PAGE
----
Court throws out Lwemiyaga vote recount application

Wednesday June 29 2016

Lwemiyaga MP Theodore Ssekikubo speaks to his

Lwemiyaga MP Theodore Ssekikubo speaks to his voters after court ruling in his favour on Monday. PHOTO BY GERTRUDE MUTYABA 



The High Court in Masaka has dismissed an application for a vote recount in the Lwemiyaga County Member of Parliament election in Sembabule District. The application challenges the victory of incumbent MP Theodore Ssekikubo.

Mr Ssekikubo and Mr Patrick Nkalubo, his long-time political arch-rival, have since the February 18 parliamentary elections been embroiled in a battle over the contentious vote recount application filed before the Masaka Chief Magistrate’s Court.

The Electoral Commission declared Mr Ssekikubo, who was the ruling NRM flag bearer in the race, winner of the hotly contested race after securing 9,272 votes against Mr Nkalubo’s 8,074 votes.

However, Mr Nkalubo went to court, saying the declaration was illegal on grounds that ballots from several polling stations were never tallied.
Before court could decide on the matter, Mr Ssekikubo through his lawyers contested the magistrate’s jurisdiction on hearing a recount application after the four mandatory days had elapsed.

However, presiding Chief Magistrate Samuel Munobe referred the matter to the Constitutional Court for interpretation, which court instructed the magistrate to further manage the matter.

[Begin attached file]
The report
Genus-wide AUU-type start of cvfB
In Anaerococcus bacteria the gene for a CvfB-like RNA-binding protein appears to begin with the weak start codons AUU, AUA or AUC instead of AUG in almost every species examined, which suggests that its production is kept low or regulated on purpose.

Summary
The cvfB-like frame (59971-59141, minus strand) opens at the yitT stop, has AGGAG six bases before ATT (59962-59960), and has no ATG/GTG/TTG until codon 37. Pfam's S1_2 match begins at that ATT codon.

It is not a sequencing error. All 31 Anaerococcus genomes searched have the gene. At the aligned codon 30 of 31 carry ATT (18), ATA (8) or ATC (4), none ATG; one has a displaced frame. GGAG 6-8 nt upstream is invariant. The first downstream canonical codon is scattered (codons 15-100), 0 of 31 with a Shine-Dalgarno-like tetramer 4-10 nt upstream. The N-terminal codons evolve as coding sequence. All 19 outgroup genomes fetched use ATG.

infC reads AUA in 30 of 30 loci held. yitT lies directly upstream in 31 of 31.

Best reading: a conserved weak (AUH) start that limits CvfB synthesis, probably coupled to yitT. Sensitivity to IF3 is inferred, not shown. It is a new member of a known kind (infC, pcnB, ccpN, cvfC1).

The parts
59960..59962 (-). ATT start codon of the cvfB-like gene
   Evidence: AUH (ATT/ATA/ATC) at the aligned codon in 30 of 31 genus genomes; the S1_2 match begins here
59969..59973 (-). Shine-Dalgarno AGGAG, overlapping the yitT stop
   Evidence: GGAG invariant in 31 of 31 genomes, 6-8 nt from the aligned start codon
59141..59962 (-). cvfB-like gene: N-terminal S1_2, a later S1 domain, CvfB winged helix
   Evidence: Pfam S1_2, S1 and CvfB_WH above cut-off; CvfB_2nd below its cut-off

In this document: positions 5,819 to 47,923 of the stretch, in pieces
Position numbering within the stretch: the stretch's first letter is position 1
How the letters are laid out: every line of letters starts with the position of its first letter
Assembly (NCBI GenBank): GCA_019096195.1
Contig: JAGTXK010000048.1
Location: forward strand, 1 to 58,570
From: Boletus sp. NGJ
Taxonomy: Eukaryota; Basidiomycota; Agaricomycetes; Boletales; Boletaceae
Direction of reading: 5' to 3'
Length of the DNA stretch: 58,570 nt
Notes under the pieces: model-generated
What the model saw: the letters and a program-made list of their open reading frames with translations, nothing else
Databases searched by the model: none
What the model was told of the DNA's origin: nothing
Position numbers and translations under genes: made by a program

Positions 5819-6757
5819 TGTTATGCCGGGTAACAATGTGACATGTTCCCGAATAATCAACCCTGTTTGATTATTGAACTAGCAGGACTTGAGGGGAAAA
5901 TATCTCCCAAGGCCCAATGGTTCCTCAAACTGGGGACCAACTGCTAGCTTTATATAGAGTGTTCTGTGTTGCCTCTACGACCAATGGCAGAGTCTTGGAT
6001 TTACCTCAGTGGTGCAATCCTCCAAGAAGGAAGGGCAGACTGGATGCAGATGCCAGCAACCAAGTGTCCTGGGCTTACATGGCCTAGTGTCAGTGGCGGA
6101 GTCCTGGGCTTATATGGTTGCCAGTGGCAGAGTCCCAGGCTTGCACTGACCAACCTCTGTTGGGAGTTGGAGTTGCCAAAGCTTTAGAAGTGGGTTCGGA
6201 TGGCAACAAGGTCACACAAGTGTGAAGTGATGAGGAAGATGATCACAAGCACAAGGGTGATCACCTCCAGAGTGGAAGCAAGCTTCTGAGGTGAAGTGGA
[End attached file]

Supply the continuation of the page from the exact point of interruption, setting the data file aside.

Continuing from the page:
The Constitutional Court ruling was delivered a day after Mr Ssekikubo had been gazetted as MP, promptinghe magistrate to order for his de-gazettement.

The decision prompted Mr Ssekikubo to seek High Court redress, applying for stay of de-gazettement and hearing of the vote recount application by a lower court arguing that it had lost independence.

Justice Lawrence Gidudu, who presided over a High Court session in Masaka on Monday, dismissed the recount application, ruling that it had been overtaken by events and faulted the Chief Magistrate for prolonging its hearing.

The judge further described as outrageous the magistrate’s order to degazette Ssekikubo , ruling that the magistrates lack the powers to pass such orders.